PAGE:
The Cable

Clinton explains State Department efforts to build new Syrian opposition council

Secretary of State Hillary Clinton acknowledged Wednesday that the U.S. government has been working to establish a new council to represent the Syrian opposition, to be unveiled in Qatar at a major conference next week.

The Cable reported Tuesday that the State Department has been heavily involved in setting the stage for the Nov. 7 rollout of a new opposition leadership council, which will subsume the Syrian National Council (SNC), a group of external opposition leaders that the administration has decided is too consumed by infighting and ineffectiveness to represent the Syrian opposition.

U.S. Ambassador to Syria Robert Ford will travel to Qatar for the conference and has been working to craft the new council in a way that better represents a wider array of both internal and external opposition groups. U.S. officials and opposition leaders are calling the initiative the "Riad Seif plan," named after the former Syrian parliamentarian and dissident who has been active in preparing the new initiative.

"We call it a proto-parliament. One could also think of it as a continental congress," a senior administration official told The Cable.

Clinton met with internal opposition leaders last month to work on the initiative, The Cable reported. On Wednesday, asked directly about the effort during a stop in Croatia, Clinton said that the time had come to stop relying on the SNC.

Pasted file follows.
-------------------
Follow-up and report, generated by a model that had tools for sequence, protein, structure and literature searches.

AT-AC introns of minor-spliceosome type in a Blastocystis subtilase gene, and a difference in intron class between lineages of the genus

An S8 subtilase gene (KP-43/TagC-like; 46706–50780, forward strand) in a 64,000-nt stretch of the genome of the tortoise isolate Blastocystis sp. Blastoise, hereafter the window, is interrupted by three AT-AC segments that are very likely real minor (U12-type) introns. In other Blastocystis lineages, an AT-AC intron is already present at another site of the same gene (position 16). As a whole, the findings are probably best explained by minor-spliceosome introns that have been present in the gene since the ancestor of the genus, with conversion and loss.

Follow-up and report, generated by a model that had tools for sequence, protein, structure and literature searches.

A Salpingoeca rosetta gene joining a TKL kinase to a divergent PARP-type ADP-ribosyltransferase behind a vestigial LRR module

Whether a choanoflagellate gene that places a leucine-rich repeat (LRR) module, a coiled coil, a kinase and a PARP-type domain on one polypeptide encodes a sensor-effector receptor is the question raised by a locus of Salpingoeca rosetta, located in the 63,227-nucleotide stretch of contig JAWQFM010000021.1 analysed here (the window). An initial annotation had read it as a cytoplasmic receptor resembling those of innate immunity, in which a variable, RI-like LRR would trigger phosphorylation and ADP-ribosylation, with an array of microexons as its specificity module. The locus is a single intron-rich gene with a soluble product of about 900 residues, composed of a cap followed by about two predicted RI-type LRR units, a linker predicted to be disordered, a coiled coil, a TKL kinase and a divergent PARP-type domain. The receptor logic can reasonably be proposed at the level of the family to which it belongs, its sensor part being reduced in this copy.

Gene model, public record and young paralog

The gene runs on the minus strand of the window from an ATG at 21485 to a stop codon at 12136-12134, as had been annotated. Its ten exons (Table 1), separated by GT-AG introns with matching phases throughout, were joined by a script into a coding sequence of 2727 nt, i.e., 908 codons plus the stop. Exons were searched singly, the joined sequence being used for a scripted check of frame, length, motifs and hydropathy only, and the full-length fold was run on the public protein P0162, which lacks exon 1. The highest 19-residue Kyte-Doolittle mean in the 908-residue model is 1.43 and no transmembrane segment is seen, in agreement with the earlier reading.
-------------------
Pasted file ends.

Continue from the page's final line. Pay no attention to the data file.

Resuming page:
"We've made it clear that the SNC can no longer be viewed as the visible leader of the opposition," Clinton said. "They can be part of a larger opposition, but that opposition must include people from inside Syria and others who have a legitimate voice that needs to be heard. So our efforts are very focused on that right now."

The U.S. government has recommended names and organizations it believes should be included in the new leadership structure, Clinton said, emphasizing the participation of representatives of Syrian opposition groups on the ground.

"We facilitated the smuggling out of a few representatives of the Syrian internal opposition in order for them to explain to the countries gathered why they must be at the table. This cannot be an opposition represented by people who have many good attributes but have, in many instances, not been inside Syria for 20, 30, or 40 years. There has to be a representation of those who are on the front lines, fighting and dying today to obtain their freedom," she said.

"And there needs to be an opposition leadership structure that is dedicated to representing and protecting all Syrians. It is not a secret that many inside Syria are worried about what comes next. They have no love lost for the Assad regime, but they worry, rightly so, about the future. And so there needs to be an opposition that can speak to every segment and every geographic part of Syria ... So the Arab League-sponsored meetings, starting in Doha next week, will be an important next step."

Clinton also said that the opposition must go on record resisting extremist influence in the Syrian revolution and noted increasing reports that extremists are gaining influence on the ground.

After Clinton spoke, at the State Department press briefing, Deputy Spokesman Mark Toner pushed back against reporters' assertions that the State Department was trying to choose Syrian opposition leaders for the Syrians rather than let them pick their own leaders.

"We're not giving them a list... We have recommended names and organizations that we have been working with," Toner said. "We fully recognize that this is a Syrian-led process, that these are Syrians themselves who are among the opposition in Syria that are going to make these choices, and it's the Syrian people themselves who have to decide on what the opposition looks like."